The literal mobile computers we stuff into our pockets, purses and backpacks every day are a scientific wonder and modern marvel. Even just 10 short years ago, the thought of a phone being able to stuff a quad-core processor, 4+ inch HD display and plenty more specs that now rival actual computers would have been laughed at. And yet here we are with just that – mobile power stations. But while mobile processing power has advanced many times over ever few years, perhaps the most important secondary technology, battery tech, has not.
Yes. There are some more exotic battery technologies currently in testing in various labs around the world. But truth of the matter is, end-user batteries are really no different now than they were 5-8 years ago. (What did you average cellphone look like 5-8 years ago? Exactly.)
To make up for the increasing gap between power requirements and todays batteries’ capabilities we use “brute force”; either a battery case is wrapped around a device or a bigger internal battery swaps places with the default one. Today we’re taking a look at Seidio’s 3500 mAh Galaxy S III replacement battery that carries a substantial bit more power than the stock 2100 mAh battery, and enough that we being the ultra heavy data users that we are, should be able to make it through an entire day without searching for an outlet.
What can we say here. It’s a black brick that is a good amount thicker than the old brick that shipped with the Galaxy S III. It’s thickness is considerable enough that a replacement back door is required, which Seidio happily provides.
The back is either going to be a love it/hate it object. It is matte black and matte black only. No other color options are currently available. On our white Galaxy S III it’s a stark color difference but not one that is too painful on the eyes. The pebble blue Galaxy S III, though, would almost certainly look pretty awful (black and blue?). That said, when we’re talking about day-long battery life for even the heaviest of data users, we’re not going to complain (too much).
The hump on the back door adds about half an inch to three quarters of an inch at its thickest point. And while it may sound like/look like a lot in the images within this post, we actually find the battery hump makes the Galaxy S III much easier to hold and more comfortable to use for extended sessions. While purely subjective, of course, we find this more center-heavy Galaxy S III as the device Samsung should have made (with a better looking back door of course).
Sun-up to Sun-down
A pretty face is great and all. But…what about battery life? It is after all the number one reason you are considering a bigger battery. In short: It’s awesome.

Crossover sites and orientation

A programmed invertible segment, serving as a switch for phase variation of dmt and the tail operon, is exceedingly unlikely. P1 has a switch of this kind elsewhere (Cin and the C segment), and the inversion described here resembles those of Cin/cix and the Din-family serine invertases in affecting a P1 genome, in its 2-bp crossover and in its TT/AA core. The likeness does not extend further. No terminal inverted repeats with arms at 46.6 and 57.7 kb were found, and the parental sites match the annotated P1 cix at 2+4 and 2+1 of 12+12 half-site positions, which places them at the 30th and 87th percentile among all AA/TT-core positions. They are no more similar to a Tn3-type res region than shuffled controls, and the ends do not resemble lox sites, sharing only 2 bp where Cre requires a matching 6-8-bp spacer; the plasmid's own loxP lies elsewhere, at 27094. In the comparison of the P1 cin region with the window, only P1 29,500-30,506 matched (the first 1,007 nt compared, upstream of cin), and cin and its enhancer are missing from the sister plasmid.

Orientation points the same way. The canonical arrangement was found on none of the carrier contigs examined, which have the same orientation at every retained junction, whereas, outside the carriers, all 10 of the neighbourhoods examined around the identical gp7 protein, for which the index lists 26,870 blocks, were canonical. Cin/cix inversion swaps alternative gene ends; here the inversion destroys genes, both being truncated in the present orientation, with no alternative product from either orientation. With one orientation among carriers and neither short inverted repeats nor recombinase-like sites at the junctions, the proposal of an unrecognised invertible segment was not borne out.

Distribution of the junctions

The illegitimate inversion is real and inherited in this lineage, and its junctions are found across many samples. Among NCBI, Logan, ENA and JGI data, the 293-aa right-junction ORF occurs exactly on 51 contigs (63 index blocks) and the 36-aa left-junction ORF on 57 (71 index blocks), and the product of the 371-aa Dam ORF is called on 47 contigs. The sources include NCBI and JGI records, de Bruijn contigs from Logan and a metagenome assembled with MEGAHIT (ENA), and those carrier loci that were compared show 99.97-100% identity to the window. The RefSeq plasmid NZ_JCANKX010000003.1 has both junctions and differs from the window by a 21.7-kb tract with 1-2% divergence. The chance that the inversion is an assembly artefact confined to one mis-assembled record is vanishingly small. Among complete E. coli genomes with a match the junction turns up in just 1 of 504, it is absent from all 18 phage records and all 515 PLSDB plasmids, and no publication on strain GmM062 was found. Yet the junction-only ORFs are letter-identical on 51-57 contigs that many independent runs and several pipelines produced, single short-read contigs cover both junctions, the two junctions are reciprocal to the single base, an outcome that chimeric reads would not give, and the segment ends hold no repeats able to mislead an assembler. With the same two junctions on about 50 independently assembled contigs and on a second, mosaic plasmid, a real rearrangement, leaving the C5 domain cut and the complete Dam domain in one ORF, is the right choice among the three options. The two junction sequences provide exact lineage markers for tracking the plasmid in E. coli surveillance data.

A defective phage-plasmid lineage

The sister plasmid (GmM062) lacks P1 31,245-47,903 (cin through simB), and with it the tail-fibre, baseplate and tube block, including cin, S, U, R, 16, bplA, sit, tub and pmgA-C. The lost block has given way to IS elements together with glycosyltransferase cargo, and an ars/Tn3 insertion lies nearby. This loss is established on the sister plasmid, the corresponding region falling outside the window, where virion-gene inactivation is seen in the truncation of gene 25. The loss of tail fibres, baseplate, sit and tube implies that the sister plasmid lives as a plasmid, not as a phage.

Our typical day starts off around 5am long before humans should be required to rise. With the Galaxy S III specifically, the stock power brick gets us to noon, ~7 hours later, with roughly ~30-40% still in the tank. By 3-4pm it’s lights out if a wall outlet is found to donate a few billion electrons.
A typical day with Seidio’s battery, however, is literally a night and day difference. Instead of watching the meter fall with each and every task that requires turning on the Galaxy S III’s display, we could actually crank up brightness to 90-100% to make reading the S3′s Super AMOLED display — which are known for being dim to begin with — much easier to read at any surrounding brightness level. Even with brightness cranked up and our habits perhaps even more exaggerated than normal (for testing the battery of course) we were able to go from 5am all the way until 11pm-12am that night with a solid 10-15% left. If we were a bit more “normal” in data usage, we easily made it a day and a half. For a phone with a massive 4.8″ display and super fast dual-core processor (LTE access was mixed in our testing) it’s simply awesome.
If you have to ask, you probably need this
If you already can routinely go 1-2 days between charges on the S3′s stock 2,100 mAh battery, then keep it. But, if you’re like us here at Gadgetsteria and fall into the medium to high-end data user groups, or find yourself constantly looking at a red battery meter by midday/early afternoon, you really need to give the Seidio 3,500 mAh battery a look. It’s only $69.95 ($74.95 for an NFC supporting version) and greatly increases your productivity possibility as well as simply bringing more peace of mind that you won’t run out of juice when you need it most. Price and performance aside, Seidio has a long history of providing outstanding customer support. It’s a win-win-win.